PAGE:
Are you sitting comfortably? Got the lights on? Wearing undies with reinforced gussets? Then you’re all set for today’s jaunt into the particularly creepy, horror novel set in Japan, Suicide Forest by Jeremy Bates. I received a copy of this one from the author for review and it certainly lived up to the series tagline “The World’s Scariest Places”. Here’s the blurb from Goodreads:
Just outside of Tokyo lies Aokigahara, a vast forest and one of the most beautiful wilderness areas in Japan…and also the most infamous spot to commit suicide in the world. Legend has it that the spirits of those many suicides are still roaming, haunting deep in the ancient woods.
When bad weather prevents a group of friends from climbing neighboring Mt. Fuji, they decide to spend the night camping in Aokigahara. But they get more than they bargained for when one of them is found hanged in the morning—and they realize there might be some truth to the legends after all.
Bates has done a brilliant job here of capturing the natural spine-tingliness of a place in which many have died by their own hand. The multiple death factor, coupled with the organic spookiness of dark, ancient woodland certainly provide the perfect setting for an unwitting set of hikers to experience nefarious doings. The best parts of this book are the slow build to the really terror-ridden parts of the story, and the dramatic twist toward the end of the book. For the straight horror fan, this book has everything – there’s gore and violence, ghosts, suspicion amongst the group, a potential stalker, and an ever-present, unseen menace hovering over the whole shebang.
Oh, and it’s set against the beautiful backdrop of Mt Fuji.
There were only a few annoying niggles in this tome from my point of view, and these generally had sorted themselves out by two-thirds of the way through. Initially, the antics of the main character group had me thinking that I’d accidentally picked up a schlock-horror book for the YA set, as none of the group seemed to be able to act (or think) like an adult. The childish egging on and teasing by some members of the group to convince others to continue further into the forest seemed very YA-like, but more so was the way in which the characters caved in to this teasing. Is this a collection of Marty McFly wannabes, I thought, who lose all sense of reason when someone calls them yellow? It seemed to me that if I didn’t want to go hiking in a suicide forest, being called a pussy would be unlikely to change my mind. Again, this was a small but persistent annoyance during the first half of the book.
Another niggle was the character of John Scott, who appears as a hanger-on and generally brash, buffoon. There’s nothing wrong, per se, with the writing of the character, I just found him to be a pain in the arse to read.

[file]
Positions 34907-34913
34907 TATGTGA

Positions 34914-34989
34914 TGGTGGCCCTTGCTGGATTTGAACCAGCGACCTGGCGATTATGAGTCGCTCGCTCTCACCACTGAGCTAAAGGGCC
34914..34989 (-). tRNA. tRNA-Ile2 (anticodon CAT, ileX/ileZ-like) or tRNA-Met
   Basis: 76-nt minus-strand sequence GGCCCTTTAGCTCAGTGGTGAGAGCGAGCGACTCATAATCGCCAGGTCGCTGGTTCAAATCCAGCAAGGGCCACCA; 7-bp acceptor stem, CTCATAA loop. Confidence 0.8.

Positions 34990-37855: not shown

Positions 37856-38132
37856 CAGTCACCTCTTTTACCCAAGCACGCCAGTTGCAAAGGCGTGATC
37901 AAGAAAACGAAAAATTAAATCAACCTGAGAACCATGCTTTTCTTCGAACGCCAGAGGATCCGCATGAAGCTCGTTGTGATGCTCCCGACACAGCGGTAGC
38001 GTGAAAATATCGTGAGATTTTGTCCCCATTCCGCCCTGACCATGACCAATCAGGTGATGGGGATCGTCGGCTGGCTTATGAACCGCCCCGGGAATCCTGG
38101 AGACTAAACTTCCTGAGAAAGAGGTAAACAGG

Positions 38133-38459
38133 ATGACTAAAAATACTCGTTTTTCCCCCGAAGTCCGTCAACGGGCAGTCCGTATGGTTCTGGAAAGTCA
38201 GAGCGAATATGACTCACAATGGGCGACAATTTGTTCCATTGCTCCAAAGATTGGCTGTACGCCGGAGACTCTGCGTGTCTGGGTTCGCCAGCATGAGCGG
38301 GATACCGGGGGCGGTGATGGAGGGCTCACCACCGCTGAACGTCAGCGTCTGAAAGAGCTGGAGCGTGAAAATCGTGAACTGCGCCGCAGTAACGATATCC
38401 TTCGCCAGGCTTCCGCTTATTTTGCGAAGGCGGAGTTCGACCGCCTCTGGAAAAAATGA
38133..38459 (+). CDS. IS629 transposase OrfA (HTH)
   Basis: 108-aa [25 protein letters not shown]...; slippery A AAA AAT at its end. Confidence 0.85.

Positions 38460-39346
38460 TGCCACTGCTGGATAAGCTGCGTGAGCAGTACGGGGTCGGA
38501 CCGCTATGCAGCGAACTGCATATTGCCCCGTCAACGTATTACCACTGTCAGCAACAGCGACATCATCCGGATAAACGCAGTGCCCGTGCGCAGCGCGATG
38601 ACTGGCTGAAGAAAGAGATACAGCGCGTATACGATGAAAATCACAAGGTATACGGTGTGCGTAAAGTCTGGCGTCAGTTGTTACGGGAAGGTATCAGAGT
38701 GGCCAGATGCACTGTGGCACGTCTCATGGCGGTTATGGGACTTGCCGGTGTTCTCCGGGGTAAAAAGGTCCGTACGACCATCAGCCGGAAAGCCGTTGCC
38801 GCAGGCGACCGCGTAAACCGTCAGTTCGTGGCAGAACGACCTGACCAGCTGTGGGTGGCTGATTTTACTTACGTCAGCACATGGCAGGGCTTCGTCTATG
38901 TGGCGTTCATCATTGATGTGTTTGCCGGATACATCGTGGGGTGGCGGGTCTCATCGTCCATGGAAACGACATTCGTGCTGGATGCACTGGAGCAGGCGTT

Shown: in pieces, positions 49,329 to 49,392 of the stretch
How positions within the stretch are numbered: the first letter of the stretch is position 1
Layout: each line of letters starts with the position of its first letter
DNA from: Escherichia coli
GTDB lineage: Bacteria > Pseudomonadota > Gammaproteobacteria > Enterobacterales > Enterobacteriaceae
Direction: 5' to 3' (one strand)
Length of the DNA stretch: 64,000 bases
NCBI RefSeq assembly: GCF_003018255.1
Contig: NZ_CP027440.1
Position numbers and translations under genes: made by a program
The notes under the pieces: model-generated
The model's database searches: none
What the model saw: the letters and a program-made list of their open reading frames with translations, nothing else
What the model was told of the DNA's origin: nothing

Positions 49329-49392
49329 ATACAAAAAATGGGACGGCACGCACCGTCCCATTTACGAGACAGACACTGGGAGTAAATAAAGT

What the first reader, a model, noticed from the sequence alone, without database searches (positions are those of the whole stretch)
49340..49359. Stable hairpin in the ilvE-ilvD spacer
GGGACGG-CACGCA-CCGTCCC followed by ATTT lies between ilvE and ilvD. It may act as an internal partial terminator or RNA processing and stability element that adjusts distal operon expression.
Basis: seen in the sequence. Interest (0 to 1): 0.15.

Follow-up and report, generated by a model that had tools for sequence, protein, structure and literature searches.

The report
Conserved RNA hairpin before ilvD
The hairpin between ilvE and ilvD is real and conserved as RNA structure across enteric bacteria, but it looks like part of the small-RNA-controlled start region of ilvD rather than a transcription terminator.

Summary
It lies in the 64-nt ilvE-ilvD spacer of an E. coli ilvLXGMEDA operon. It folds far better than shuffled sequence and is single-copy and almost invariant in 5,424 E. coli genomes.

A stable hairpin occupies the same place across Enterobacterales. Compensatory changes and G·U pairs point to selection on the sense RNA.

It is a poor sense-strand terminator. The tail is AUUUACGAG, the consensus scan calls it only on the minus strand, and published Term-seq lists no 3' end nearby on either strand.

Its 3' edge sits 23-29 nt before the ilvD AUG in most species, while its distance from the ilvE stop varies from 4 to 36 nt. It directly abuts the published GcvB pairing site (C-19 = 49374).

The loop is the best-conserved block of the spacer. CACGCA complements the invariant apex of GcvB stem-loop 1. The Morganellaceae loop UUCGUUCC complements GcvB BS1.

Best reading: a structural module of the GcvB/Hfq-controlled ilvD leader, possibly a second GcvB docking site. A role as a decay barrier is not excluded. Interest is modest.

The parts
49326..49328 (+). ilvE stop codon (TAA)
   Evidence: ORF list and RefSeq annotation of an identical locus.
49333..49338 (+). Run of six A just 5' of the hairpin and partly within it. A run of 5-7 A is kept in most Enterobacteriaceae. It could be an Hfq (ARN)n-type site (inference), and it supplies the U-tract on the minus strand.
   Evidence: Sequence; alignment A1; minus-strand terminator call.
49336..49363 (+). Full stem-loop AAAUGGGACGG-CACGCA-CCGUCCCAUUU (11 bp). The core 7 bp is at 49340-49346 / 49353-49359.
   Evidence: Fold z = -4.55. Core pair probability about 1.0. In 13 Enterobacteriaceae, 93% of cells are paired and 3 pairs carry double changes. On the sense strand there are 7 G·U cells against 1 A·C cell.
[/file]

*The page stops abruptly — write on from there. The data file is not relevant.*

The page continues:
Finally, I had one or two small issues with the plot of the book, particularly when it becomes clear that the group is completely lost and have spent much longer than expected in the forest. This mainly centred around the fact that there were people on the outside who knew where they were (such as their driver Honda and the wife of one of the group) and it seems strange to me that these people wouldn’t have raised the alarm when they didn’t turn up as expected. This is one of those times when I fear I was being too logical though – horror wouldn’t be horror if the pretty girl didn’t descend into the lightless basement on her own now, would it?
There is quite a bit of unexpectedness in this book that raises the level of excitement and interest in the story. First off, the fact that Aokigahara exists at all is pretty quirky, as is the range of opinions held about it by the Japanese characters in the book. These range from general indifference through morbid curiosity to utter terror. The actions of “the suicides” as they are referred to, such as leaving makeshift gravesites and ribbons to mark their places, are an interesting psychological piece that helps both group and reader to connect with the sense that there may be more than just possessions left behind in the forest.
The story also has a fantastic blend of straight, atmospheric, supernatural horror and visceral, violent, injurious horror – I’m generally not a fan of plain violent bloodbaths, and sometimes a plain ghost story can get a bit predictable, so Bates has created a nice balance here that kept me in throes of terror right to the end.
The twist in the tail of the tale certainly took me by surprise, but Bates has gone even further by extending the story of the survivors after their escape from the forest. Just when I thought all the creepiness had crept its last, one final jab made its way under my carefully placed headgear. So all in all, there’s a lot going on in this tale and it will certainly keep you guessing until at least the second-last page.
Overall, I enjoyed this book very much. “Enjoyed” in the sense that it completely freaked me out and I had to sleep with the light on, grasping one of Mad Martha’s dreadlocks for comfort. I will not deny that I even emitted a little scream when, after having put the book down two-thirds of the way through for the night, the dog snuck into the room, giving the impression that the door was opening on its own. Such is the effect the story had on me.
Recommended for those who want a pervasive and memorable scare.
Until next time,